Vail to ban retail pot sales for another year
Ryan Summerlin June 17, 2014
VAIL — The Vail Town Council voted unanimously to extend its temporary ban on retail marijuana for another year in order to gather more information and observe other towns, such as Aspen, that have legalized retail sales.
The town had set a self-imposed July 31 deadline to make a decision on retail sales, but council members said the past year has raised too many questions with not enough time to answer all of them.
“I hate putting off decisions, but this is a new thing for our state,” said council member Dave Chapin. “However, we do need to make a decision within a year. Maybe we should also throw the question out there to people who come here to visit and see what they think.”
More time needed
Colorado Constitutional Amendment 64 legalized the sale and consumption of recreational marijuana in Colorado. The legislation grants local governments the authority to regulate the operations of recreational marijuana establishments, including enacting prohibition, if desired. It passed in Vail with 75 percent in favor.
Confusingly enough, a recent community survey showed that while the majority of residents may have voted for Amendment 64, much fewer residents are in favor of allowing retail pot shops in Vail.
The survey by RRC Associates showed that when asked if they would be in favor of a retail marijuana store in Vail, 31 percent said “yes,” 57 percent said “no” and 13 percent were “unsure.”
Earlier this year, the town of Vail formed a Recreational Marijuana Working Group to identify a list of questions and issues that the town council should consider prior to adopting a marijuana policy. The group, after two meetings that also drew the attention and attendance of many locals, prepared a list of nearly 60 questions surrounding the topic.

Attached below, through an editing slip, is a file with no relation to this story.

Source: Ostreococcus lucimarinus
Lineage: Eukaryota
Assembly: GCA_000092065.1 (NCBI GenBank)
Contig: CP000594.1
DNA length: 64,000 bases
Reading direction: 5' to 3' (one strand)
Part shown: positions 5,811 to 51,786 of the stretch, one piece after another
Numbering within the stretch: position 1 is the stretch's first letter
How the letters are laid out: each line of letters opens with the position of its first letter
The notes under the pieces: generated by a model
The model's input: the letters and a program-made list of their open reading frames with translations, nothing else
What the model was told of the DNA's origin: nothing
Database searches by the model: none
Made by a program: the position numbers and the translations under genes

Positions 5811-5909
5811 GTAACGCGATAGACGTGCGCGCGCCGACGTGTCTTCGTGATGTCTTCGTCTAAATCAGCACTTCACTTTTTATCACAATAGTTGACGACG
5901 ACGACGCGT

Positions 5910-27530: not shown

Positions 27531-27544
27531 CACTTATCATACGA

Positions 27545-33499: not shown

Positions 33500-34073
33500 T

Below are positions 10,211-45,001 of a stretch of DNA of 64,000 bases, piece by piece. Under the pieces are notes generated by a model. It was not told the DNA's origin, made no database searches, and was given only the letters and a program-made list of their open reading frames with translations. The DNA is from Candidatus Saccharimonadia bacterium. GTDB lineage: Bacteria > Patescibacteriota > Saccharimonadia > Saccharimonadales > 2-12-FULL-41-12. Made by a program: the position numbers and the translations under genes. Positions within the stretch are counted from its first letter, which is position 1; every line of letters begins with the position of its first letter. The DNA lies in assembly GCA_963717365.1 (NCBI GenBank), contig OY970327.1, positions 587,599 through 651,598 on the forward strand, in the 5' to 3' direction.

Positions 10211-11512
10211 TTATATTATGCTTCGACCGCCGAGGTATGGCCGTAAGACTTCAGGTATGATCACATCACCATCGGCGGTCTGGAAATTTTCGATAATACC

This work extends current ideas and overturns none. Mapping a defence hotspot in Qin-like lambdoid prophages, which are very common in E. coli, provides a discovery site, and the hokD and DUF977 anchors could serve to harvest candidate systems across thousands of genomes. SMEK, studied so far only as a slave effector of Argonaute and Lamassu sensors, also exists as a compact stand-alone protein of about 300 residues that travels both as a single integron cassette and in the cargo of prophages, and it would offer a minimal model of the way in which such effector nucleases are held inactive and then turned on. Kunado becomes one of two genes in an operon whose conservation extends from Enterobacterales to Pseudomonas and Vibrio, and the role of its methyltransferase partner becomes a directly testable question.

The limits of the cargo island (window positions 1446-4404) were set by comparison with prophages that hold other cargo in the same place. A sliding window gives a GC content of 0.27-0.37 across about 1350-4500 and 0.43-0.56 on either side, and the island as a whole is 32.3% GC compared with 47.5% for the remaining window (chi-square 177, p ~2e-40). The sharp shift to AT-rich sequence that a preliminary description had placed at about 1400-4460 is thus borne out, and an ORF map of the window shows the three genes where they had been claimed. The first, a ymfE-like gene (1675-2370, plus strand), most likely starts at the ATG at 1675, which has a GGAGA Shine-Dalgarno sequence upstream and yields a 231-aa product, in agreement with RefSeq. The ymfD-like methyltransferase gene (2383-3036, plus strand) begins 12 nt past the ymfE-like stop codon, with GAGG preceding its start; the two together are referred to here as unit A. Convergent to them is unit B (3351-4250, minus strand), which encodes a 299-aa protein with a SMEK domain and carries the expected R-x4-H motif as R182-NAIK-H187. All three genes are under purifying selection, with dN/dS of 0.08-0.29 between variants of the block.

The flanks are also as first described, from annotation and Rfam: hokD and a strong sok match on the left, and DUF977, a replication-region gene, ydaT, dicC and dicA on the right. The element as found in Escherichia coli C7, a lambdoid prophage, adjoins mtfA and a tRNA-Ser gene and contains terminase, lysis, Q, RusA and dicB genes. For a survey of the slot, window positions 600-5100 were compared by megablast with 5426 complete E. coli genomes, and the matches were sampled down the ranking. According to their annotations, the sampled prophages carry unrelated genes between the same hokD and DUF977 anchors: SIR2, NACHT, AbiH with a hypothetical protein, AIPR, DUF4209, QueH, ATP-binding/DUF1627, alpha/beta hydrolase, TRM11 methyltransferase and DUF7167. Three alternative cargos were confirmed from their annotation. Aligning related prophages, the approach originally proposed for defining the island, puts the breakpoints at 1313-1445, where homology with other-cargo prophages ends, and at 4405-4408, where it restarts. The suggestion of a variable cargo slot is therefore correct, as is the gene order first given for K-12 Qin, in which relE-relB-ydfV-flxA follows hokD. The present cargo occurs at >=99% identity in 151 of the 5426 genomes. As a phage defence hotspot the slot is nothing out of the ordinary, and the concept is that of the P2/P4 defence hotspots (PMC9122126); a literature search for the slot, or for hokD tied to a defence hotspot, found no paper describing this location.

“We want to answer these questions, but I don’t think we can possibly do justice to either side of the debate with the time we have before the ban expires,” said council member Margaret Rogers. “We don’t have to rush into this by any means.”
Council members particularly liked the idea of observing other areas that have allowed retail sales during the next year. Aspen, Summit County and Eagle County all either currently have or soon will have retail marijuana shops.
“It doesn’t look like there are any problems so far, but it’s so new, and we just don’t know yet,” said Rogers.
Resident weigh in
The community survey, while it presented confusing numbers for officials, did show a strong divide in opinion between age groups, and second homeowners and full-time residents.
For the question of allowing a retail pot shop in Vail, if the answers were divided between age groups, those who were in their 30s or younger were overwhelmingly in favor, while those 65 and older were staunchly against.
One Eagle County resident, Barbara Allen, said that the town would not be in line with its support of health and wellness if it allowed retail marijuana.
“You either support wellness or don’t. And supporting marijuana is not,” she said. “My other issue is safety and being family friendly. If other ski areas adopt this but Vail doesn’t, those people will come here and Vail can bill itself as family friendly.”
Retail marijuana in Eagle County
Outside of Vail, eight retail licenses are currently being considered in Eagle County. Of those, five are in Eagle-Vail’s commercial area, one of the few areas with the proper zoning and setbacks in the county.
County Manager Keith Montag said that some anecdotal evidence and research is showing that counties that have allowed retail marijuana aren’t necessarily seeing the problems they expected.
“We were at a counties conference, and it seems like from people we’ve talked to, especially over at Summit County, they’re not seeing the problems we’ve debated about,” said Montag.
County officials said that they’ve even seen some studies that indicate legalizing marijuana might actually have positive effects.
One study showed that the number of vehicle fatalities and underage use had actually gone down in areas that legalized marijuana, suggesting that people might be substituting marijuana for alcohol or that people were choosing to stay at home and use marijuana instead of going out.
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